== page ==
Is Mindfulness Useful? – Jan ’16 Updates

Here are my top picks from the January ’16 issue of the Mindfulness Research Monthly newsletter, a publication of the American Mindfulness Research Association (AMRA). Several articles describe how mindfulness interventions affect student stress and teacher burnout. Another article that might interest those who would like to teach meditation recommends ‘best practices’ for conducting mindfulness programs in public schools.

This research aimed to examine the predicting effects of mindfulness, self-efficacy, and social support on psychological well-being among undergraduate students at a university in the Philippines. Mindfulness, self-efficacy, support from family, support from friends, and support from significant others were significant predictors of psychological well-being.

A literature search resulted in 57 studies on the effectiveness of mindfulness meditation in reducing stress and anxiety in college students. Overall, mindfulness meditation showed promise in reducing stress and anxiety in college students, but a number of differences were revealed in how mindfulness interventions were delivered.

Researchers evaluated an adapted mindfulness-based stress reduction (MBSR) program to ameliorate the negative effects of stress and trauma among low-income, minority, middle school public school students. 300 fifth- to eighth-grade students were assigned to either an MBSR or Healthy Topics (HT) program. While both groups were comparable at baseline, postprogram, MBSR students had significantly lower levels of somatization, depression, negative affect, negative coping, rumination, self-hostility, and posttraumatic symptom severity than HT students.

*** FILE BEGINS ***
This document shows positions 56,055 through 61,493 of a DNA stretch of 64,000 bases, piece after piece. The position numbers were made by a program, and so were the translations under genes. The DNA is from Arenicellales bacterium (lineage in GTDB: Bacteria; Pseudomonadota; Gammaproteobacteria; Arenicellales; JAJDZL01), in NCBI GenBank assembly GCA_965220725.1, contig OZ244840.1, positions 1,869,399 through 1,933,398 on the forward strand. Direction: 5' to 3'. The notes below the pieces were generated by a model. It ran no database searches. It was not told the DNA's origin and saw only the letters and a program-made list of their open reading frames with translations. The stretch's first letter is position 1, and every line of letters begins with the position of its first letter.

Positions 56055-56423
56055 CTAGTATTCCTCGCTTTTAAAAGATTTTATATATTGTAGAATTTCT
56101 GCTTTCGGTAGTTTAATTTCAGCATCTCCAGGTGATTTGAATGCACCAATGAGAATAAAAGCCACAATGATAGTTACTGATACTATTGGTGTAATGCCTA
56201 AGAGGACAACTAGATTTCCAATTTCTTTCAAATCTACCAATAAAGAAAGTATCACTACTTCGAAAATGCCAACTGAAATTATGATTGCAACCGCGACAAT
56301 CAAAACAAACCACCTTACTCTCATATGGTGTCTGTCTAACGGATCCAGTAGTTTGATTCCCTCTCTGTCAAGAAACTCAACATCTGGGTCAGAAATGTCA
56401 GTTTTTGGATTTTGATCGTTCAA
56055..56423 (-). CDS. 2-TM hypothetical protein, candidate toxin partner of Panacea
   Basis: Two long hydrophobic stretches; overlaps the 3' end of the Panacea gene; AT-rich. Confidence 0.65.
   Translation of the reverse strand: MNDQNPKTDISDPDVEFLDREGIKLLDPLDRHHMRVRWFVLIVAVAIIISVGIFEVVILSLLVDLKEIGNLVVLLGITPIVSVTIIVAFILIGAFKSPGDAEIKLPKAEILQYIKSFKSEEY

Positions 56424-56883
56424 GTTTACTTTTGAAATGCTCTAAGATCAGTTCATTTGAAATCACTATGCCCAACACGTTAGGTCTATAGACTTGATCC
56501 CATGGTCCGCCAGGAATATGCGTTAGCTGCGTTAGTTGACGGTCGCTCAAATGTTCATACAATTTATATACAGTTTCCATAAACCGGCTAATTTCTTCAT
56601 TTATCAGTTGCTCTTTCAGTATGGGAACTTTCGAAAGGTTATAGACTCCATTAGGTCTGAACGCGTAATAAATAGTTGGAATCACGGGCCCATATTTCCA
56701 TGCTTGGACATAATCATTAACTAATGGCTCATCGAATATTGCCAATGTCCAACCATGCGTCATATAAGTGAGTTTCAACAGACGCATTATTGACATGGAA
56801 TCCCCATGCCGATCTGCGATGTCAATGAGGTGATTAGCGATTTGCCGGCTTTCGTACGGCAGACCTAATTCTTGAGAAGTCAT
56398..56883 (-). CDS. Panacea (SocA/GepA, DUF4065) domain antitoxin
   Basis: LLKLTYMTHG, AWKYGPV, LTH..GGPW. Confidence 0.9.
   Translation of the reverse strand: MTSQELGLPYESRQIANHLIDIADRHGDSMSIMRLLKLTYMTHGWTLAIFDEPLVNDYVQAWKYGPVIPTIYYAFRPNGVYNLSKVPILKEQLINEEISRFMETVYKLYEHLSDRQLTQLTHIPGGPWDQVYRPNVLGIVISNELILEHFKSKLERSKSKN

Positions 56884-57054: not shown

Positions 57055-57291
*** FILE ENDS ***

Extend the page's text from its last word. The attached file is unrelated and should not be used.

Is teacher burnout correlated with mindfulness? Multiple studies were undertaken to develop and validate a self-report measure of the Mindfulness in Teaching Scale. One study suggested the presence of two distinct factors measuring teacher intrapersonal mindfulness and teacher interpersonal mindfulness. A separate study showed that, over a 6-month period, interpersonal mindfulness predicted scores on teacher burnout (emotional exhaustion, depersonalization) and instructional efficacy in working with students (social-emotional and behavior management) whereas intrapersonal mindfulness failed to predict burnout or efficacy.

Stressors place educators at risk of job-related stress and burnout. This study describes a mindfulness-based intervention (MBI) for school personnel called Cultivating Awareness and Resilience in Education (CARE). Results suggest this intervention holds promise in getting participants to shift their emotional reactivity and approach to students using a three-pronged mindfulness-based approach: (1) present-centered awareness of emotions, (2) emotional reappraisal of situations, and (3) use of metaphors introduced through the CARE program.

Questions are frequently asked about the religious basis of mindfulness-based programs and whether such programs are appropriate in a public school setting. This article investigates these questions and offers recommendations for best practices in public educational settings